Belcher committed to helping others, community
By Debbie Hall
Harless Belcher is the first to admit that he is not a therapist, but as the number of suicides among veterans increase, he is more than willing to offer an empathetic ear.
“The key to it all is being a good listener. Let that (other) guy talk, if he will. That’s what he needs to do. He needs to talk and get it out of his system,” Belcher said. “I don’t have the expertise to help, but if he’ll talk, I’ll listen.”
In Vietnam or his native Patrick County, Belcher is committed to serving his country – a commitment he made to honor his fallen comrades and those who did not come home.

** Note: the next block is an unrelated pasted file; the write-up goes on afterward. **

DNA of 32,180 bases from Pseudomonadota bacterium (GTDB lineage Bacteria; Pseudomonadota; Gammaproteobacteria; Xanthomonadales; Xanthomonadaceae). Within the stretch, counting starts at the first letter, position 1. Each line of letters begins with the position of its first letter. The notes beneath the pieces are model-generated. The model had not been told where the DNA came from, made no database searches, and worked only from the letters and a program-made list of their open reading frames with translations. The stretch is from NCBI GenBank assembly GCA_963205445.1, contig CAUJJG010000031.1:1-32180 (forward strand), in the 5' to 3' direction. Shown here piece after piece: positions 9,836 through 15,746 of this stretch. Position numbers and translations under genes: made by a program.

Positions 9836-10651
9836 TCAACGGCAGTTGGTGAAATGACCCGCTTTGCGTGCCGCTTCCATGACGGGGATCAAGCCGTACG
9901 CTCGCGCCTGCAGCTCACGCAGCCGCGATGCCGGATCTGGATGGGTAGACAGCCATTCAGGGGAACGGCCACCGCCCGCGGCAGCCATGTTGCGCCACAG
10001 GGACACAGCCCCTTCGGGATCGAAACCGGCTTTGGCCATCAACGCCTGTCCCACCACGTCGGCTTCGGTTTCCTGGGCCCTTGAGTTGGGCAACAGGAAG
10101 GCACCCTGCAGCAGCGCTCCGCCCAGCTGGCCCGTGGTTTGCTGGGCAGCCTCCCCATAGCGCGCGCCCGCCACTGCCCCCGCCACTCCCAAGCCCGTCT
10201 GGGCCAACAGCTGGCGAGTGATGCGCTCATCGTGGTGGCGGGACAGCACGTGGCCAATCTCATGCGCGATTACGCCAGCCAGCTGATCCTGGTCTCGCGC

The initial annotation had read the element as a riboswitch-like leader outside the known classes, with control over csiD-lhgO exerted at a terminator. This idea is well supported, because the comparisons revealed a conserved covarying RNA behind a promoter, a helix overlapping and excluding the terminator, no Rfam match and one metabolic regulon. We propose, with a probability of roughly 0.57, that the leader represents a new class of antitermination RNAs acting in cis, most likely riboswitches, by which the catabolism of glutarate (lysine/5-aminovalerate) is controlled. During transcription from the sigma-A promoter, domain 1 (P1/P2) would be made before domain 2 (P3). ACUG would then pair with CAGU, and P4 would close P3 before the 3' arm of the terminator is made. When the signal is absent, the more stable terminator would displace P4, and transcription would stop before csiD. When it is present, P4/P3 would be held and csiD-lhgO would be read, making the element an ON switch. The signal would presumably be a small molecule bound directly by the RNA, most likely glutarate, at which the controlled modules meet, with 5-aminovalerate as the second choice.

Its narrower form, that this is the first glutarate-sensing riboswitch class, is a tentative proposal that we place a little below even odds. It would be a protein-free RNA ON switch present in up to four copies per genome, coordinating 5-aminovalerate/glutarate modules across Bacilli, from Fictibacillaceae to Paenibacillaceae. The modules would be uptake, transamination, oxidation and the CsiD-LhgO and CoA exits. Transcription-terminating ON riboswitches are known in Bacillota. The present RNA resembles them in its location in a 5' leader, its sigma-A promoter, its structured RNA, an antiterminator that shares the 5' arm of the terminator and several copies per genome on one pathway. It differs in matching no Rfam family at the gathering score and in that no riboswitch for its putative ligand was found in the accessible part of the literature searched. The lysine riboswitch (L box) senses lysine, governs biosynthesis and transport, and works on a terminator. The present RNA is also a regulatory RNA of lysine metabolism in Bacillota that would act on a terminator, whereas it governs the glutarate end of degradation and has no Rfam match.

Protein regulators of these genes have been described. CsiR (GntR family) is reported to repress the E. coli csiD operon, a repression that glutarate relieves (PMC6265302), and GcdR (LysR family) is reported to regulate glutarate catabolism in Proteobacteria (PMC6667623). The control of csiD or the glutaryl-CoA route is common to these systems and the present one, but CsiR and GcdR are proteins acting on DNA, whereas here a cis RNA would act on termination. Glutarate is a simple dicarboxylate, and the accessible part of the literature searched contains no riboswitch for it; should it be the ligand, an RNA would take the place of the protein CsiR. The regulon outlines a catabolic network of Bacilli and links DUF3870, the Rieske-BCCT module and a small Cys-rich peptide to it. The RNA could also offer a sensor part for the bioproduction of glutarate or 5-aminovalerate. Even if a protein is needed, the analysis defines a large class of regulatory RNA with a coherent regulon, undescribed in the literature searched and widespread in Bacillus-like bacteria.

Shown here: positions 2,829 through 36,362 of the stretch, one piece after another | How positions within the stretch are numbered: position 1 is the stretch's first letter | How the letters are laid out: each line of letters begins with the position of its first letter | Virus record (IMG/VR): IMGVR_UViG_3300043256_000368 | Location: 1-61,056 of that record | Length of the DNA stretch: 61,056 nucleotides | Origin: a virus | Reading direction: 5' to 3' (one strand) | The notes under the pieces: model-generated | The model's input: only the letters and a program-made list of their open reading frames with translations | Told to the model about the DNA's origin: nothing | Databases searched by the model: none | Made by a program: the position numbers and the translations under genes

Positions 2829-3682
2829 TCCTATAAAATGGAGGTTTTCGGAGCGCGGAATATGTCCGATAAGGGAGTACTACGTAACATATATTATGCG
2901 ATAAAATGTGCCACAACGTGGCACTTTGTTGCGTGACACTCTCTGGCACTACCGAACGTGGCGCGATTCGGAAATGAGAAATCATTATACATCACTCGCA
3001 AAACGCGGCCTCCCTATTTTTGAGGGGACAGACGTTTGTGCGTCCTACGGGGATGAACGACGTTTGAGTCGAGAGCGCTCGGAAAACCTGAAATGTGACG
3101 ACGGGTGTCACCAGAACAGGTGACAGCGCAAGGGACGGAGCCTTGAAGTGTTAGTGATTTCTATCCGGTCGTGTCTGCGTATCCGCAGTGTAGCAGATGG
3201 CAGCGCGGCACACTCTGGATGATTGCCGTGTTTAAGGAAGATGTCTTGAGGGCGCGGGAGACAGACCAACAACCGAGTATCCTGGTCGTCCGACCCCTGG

Belcher was 19 when he was drafted into the Army. He served in the 25th Division Triple Deuce, Second Battalion, Americanized Infantry, 22 Infantry Regimen.
“I was drafted right away from the sawmill” where he worked, Belcher said, and recalled the look his boss had when Belcher explained he had been drafted and had to leave his job.
His boss had served in WWII, Belcher said. “I never forgot” that look, Belcher said, adding. “I didn’t know what it meant…
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